If I had known this I would have swapped houses with him.

Cam is doing a great job in the bathroom and is unphaseable.  When the tiles are removed and reveal a rotton plasterboard wall, he merely smiles and says "We'll soon fix that".  I had taken John Jameson into the conservatory to ask his opinion.  Sonia says that shes not bothered about the lack of my DIY talents, but I can read the signs.  He gets offered bacon sarnies with his morning cup of tea.

So my lack of DIY skills frees me up for a beautiful walk in Clent from Julie Royles Worcestershire Walks.  Leave in the fog after the 2nd tip run but by the time I get there, its a toss up on whether a jacket is required.  Wish I had left it at home, along with the dog lead that I managed to forget.

Its all familiar walking as I climb Adams Hill, taking in the four stones, toposcope and great views.  Jacket is off and tied to my waist.  Dog has plenty of brummie caines to play with.

Follow the north worcestershire path onto Walton Hill.  The drop down to Calcot Farm is my favorite walking in this area - although if you walk it, you may have your own favourite.

I wouldn't want to be anywhere else.
Stiff drop down to Shut Mill Lane.  Dog is puffing hard, as she still has her winter coat on.  She soons finds refreshment.

Nine today, and I'll drink as much as I want
We then have a serious amount of road walking, the first part on a very steep incline.  I always hate being overtaken on hills, but I pretended to stop for refreshments.  Speedy Gonzales commented on the hill being a killer.  And then left me in his dust.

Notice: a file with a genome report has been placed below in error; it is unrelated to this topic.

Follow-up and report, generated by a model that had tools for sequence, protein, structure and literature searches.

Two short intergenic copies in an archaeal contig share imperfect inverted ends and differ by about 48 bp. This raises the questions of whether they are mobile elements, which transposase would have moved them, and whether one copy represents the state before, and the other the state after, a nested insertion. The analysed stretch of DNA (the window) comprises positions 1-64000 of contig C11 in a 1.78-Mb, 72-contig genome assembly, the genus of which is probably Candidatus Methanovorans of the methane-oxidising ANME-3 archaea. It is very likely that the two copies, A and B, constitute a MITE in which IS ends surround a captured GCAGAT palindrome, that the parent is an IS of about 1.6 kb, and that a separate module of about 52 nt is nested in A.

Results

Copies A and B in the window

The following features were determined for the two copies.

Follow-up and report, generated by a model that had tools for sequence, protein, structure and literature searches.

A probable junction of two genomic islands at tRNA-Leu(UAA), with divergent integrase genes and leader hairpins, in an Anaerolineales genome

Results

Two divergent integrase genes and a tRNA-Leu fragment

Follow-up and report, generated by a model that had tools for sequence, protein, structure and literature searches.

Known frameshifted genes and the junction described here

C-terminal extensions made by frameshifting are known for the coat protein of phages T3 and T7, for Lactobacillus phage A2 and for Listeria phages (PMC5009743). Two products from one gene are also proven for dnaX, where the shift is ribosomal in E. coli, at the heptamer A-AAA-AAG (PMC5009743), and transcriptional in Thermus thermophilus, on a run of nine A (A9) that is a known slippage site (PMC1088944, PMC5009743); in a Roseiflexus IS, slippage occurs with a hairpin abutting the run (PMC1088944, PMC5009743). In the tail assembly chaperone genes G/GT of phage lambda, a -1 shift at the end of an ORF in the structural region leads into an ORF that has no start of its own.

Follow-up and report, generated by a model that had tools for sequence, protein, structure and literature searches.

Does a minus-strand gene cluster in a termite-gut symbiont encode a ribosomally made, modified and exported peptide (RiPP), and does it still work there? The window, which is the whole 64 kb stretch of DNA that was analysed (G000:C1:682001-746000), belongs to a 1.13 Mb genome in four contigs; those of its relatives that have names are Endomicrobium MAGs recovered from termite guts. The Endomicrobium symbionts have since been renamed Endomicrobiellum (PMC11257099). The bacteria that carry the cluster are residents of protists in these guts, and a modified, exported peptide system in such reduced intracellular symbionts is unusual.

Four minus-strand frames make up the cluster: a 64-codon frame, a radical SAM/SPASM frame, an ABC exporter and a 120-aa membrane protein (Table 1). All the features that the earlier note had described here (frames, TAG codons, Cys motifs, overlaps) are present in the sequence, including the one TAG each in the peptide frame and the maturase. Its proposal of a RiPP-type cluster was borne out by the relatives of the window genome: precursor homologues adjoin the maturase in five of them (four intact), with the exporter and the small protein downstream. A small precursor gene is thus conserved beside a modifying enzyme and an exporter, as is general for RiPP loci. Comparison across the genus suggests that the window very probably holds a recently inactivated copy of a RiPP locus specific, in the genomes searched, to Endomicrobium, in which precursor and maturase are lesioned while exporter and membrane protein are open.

Come around Newtown and find my only cache of the day.  It really is a stunner - the amount of effort that someone has gone to set it up.  Both of my blog readers ask me why I geocache - I hope this video explains all.

Then its familar walking along paths that offer a fair challenge to Walton Hill's prize of loveliest path in worcestershire. 

Spring has Sprung
Back to the car, passing the Duke of Edinburgh challengers who are carrying more their body weight in back packs.  When I get back to the car, a fella is just about to start his walk and I offer advice that he wont need his coat. He says that he knows that.  I then drive off and see him walking up the hill. 

With his coat on.

Saturday, 17 March 2012

17/03/12 - Personal Best in Ullenhall

Caches - 40 out of 40
Distance - 9.3 Miles

Hobditch Hides



It was only going to be a matter of time before I attempted this marathon circuit of caches.  Kept an eye on the weather reports last night and it didn't look too good.  But what do they know?  Took their advice and dressed suitably for a drenching.

My long term caching partner had been worn out on the ladies 5 hour sherry walk over Clent yesterday.  Quite how you make a 5 mile walk last 5 hours, I don't know.  I could tell the geohound wasn't up for it when I got downstairs at 7am to put the kettle on.  In a new display of cunning, she waited for the crumpets to pop before sloping off to hide.

40 Caches, 9 miles, jog on Billy no mates
So, its just me then.

Head on up to Ullenhall.  Look at the first suggested parking and it looks like the sort of place that I would struggle to get out off, so move on and park up at number 15 where there is a nice layby.  Will I meet anyone on the way around?

The route is made up of a number of loops but there is very little repitition on the round.  The countryside is all similar so no one section stands out.  Just lots of nice houses, fields with horses, country lanes, a railway line and lots of unusual and handcrafted caches with not a magentic micro amongst them.
Near Cache 16 - my second of the day.
Cache 25 - And sound advice for Cachers
Last time a weather report was so wrong - 15/10/87